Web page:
The kids at Bethel High School have nicknames for the cramped spaces they’re forced to endure and horror stories of a facility failing around them.
There’s “The Bunker,” a former girls’ locker room which, after a second life as an JROTC air-rifle range, now serves as a sports medicine classroom
Then there’s “The Bottleneck,” a section of hallway with four entry points that, during passing period, becomes so jammed with students that kids liken it “a stoplight without the light.”
“Every car has to just ram through their all at once,” one student said of “The Bottleneck.” Another, 17-year-old senior Samantha Waycaster, recalled the specific instructions incoming freshman receive about how to avoid it.
In a high school with 1,725 students this school year — well above the 1,462 it was intended for — issues like these are unavoidable and inevitable. Similarly, tales of garbage cans positioned inside to catch the rain, failing heating systems and collapsed ceilings are par for the course at a high school that opened in 1952 and hasn’t been updated since George H.W. Bush’s first year in the Oval Office.
What’s not unavoidable is the outdated amendment to the state constitution that all but prevents a growing district like Bethel from doing anything about it.
Twenty-one times over the last 38 years Bethel has placed a school bond issue on the ballot.
Only four of those bonds have passed, even though each has received more than 50 percent of the vote.
Addressing this problem, at long last, should be a focus for the state Legislature this session.
Simply put, allowing voters the chance to do away with the required 60 percent “supermajority” for passing school construction bonds is long overdue. The amendment dates back to World War II — and is rooted in a fear of taxes — though it hasn’t served a viable purpose beyond usurping democracy and the common good since that time.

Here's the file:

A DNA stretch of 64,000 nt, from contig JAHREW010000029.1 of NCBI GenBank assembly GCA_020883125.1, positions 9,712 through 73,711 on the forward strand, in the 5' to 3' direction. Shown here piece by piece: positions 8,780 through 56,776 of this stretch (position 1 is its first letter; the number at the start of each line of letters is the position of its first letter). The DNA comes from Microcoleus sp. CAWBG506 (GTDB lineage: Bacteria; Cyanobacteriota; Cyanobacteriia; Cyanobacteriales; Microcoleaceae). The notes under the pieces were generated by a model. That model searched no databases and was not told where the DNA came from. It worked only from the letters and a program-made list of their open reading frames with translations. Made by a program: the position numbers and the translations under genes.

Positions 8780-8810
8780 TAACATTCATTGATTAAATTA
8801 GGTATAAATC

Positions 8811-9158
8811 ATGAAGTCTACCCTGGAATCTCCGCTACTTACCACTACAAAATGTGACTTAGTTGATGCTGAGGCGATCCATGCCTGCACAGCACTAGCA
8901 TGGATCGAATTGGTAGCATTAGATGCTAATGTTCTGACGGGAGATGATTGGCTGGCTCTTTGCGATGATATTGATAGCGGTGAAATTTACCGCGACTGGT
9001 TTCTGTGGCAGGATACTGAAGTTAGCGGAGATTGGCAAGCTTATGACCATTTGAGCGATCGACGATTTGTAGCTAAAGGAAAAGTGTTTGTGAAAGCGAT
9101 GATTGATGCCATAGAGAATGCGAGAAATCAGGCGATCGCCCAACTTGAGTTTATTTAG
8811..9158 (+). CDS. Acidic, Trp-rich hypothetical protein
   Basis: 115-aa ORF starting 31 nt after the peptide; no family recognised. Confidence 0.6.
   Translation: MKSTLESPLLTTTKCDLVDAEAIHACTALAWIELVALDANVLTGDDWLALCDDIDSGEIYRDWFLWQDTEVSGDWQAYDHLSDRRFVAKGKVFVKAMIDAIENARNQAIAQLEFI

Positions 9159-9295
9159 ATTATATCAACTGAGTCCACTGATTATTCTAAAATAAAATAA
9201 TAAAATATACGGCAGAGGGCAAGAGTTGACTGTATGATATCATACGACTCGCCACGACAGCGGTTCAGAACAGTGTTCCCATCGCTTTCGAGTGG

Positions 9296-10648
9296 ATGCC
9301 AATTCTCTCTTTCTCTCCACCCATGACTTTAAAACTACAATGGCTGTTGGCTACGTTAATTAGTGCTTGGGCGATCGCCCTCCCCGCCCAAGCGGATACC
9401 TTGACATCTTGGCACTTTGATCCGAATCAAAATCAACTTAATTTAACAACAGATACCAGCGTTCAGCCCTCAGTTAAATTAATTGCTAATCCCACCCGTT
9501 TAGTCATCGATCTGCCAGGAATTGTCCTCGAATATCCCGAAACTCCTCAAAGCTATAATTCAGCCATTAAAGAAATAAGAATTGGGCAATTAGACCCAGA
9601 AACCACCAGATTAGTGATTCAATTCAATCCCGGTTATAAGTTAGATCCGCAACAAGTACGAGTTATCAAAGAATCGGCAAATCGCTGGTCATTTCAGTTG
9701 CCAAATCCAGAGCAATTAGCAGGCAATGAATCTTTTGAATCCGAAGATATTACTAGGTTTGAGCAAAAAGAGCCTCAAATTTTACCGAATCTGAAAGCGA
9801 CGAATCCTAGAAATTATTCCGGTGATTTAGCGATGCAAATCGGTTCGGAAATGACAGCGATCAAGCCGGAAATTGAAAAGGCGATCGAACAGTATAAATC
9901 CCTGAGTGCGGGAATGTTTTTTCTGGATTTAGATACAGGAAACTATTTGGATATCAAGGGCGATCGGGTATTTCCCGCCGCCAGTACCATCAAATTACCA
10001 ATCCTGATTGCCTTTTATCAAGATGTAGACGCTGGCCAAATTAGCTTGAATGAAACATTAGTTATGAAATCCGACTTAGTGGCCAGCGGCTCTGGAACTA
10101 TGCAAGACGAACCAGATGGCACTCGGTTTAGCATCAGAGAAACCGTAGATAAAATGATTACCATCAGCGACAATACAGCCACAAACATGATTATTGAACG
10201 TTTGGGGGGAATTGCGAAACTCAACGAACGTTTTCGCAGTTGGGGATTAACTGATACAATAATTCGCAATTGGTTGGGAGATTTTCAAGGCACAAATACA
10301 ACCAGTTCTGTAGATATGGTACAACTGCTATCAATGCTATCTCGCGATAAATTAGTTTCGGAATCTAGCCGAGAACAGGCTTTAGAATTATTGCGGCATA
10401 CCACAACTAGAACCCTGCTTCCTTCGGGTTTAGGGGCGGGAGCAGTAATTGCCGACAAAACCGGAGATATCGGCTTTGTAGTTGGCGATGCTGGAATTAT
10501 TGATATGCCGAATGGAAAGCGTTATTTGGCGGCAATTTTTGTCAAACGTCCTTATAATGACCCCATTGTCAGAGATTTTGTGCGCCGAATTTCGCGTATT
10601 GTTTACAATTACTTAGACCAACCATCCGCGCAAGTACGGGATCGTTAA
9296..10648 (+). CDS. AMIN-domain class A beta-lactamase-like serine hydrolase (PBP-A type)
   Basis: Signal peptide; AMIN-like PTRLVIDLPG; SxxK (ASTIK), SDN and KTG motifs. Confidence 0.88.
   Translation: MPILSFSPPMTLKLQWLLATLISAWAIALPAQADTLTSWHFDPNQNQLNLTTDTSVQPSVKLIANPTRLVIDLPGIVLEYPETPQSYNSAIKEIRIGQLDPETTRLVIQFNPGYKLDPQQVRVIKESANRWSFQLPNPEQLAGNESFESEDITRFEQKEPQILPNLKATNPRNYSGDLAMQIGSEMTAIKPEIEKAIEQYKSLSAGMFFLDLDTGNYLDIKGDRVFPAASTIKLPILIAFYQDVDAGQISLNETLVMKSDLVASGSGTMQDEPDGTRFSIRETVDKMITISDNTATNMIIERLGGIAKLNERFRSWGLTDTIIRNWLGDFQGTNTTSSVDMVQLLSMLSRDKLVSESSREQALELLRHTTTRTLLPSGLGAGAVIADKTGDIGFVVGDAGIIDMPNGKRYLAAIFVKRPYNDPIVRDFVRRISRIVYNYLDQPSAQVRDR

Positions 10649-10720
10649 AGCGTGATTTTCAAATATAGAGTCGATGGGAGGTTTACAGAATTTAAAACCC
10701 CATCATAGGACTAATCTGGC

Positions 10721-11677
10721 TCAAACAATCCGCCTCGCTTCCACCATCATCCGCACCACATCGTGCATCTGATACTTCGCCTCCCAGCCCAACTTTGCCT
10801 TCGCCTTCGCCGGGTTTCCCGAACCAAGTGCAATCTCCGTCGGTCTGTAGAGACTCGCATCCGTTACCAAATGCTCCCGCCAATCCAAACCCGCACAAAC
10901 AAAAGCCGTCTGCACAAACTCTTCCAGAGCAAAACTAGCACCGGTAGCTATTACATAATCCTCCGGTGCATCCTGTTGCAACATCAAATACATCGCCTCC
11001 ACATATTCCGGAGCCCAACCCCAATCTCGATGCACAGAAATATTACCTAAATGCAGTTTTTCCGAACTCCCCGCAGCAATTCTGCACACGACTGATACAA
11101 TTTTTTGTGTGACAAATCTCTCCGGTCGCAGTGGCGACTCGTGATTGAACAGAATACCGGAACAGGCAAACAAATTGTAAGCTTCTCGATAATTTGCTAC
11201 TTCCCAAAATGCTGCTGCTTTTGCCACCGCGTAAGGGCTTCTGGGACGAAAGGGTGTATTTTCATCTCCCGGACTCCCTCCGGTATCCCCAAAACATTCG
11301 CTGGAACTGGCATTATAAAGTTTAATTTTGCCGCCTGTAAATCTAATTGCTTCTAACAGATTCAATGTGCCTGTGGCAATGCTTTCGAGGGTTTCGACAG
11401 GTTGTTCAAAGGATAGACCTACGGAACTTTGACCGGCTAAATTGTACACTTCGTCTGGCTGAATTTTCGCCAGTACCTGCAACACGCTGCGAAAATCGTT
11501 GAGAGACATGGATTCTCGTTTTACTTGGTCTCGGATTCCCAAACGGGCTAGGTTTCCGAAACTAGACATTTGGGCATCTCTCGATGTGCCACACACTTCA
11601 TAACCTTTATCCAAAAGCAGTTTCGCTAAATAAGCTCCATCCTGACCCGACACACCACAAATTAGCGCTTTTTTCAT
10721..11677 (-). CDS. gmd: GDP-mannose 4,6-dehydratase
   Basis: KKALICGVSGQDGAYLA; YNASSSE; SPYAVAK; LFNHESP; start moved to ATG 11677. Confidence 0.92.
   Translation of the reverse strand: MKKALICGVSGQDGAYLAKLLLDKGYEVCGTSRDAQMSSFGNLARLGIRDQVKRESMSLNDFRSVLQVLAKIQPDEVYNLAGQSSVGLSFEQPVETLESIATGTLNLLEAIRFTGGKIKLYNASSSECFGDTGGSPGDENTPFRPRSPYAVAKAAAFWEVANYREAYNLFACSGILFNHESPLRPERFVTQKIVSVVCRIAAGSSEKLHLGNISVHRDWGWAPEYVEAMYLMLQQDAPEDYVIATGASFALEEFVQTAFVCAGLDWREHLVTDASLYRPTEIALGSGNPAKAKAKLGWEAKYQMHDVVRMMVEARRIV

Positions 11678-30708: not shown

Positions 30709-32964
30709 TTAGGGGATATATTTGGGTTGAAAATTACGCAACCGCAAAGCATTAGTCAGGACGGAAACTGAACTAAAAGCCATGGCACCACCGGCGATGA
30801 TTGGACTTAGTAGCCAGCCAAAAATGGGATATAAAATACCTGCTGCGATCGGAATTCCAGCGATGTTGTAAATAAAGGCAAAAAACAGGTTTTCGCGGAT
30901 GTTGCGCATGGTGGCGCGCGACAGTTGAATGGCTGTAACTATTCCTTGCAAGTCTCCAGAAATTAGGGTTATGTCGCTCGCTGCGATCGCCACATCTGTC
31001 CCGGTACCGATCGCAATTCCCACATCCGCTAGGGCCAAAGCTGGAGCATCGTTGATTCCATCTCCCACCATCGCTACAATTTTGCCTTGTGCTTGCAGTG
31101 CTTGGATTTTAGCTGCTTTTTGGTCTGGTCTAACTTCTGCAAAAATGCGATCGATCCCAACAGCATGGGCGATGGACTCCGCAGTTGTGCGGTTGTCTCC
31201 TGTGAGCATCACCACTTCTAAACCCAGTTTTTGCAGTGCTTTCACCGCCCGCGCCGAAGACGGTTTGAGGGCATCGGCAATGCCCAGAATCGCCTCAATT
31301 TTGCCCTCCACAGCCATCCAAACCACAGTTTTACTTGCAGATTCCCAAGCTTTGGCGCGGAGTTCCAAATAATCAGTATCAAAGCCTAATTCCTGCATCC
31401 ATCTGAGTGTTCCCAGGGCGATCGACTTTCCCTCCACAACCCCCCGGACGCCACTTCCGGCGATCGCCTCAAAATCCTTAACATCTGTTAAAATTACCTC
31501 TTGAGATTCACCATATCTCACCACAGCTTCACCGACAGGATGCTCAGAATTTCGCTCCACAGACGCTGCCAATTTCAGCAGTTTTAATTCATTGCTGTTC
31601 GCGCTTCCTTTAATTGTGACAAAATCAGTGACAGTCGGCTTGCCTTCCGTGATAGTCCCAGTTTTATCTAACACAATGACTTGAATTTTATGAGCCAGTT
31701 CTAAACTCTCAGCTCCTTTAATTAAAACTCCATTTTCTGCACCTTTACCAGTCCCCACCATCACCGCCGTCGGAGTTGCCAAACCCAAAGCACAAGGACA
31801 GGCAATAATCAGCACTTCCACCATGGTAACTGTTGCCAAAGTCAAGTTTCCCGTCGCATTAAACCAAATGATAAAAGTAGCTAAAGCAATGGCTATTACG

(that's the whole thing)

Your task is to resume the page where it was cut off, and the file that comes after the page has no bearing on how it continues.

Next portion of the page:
The kids attending Bethel School District schools — now more than 20,000 of them, attending 27 schools — know this all too well.
For lawmakers in Olympia, the question is simple: What more do you need to know?
“With the 60 percent supermajority, you’re basically allowing a minority of voters to decide the fate of kids in the school district,” said Tom Seigel, Bethel’s superintendent since 2001. “We’re talking about kids’ lives. They only have one chance to go through each grade.”
Bethel is just one of many districts where the supermajority rule has wreaked havoc, though the district’s latest failure — by a mere 307 votes last November — might be the freshest wound.
“I thought maybe they would care more about us and not more about themselves and just thinking about how much money it’s going to cost them,” said Kamiko Hagans, a 17-year-old Bethel High School junior, of the latest bond failure. “I have a little brother that goes to North Star (Elementary), and I want him to have the best education he can have, because he means lots to me. …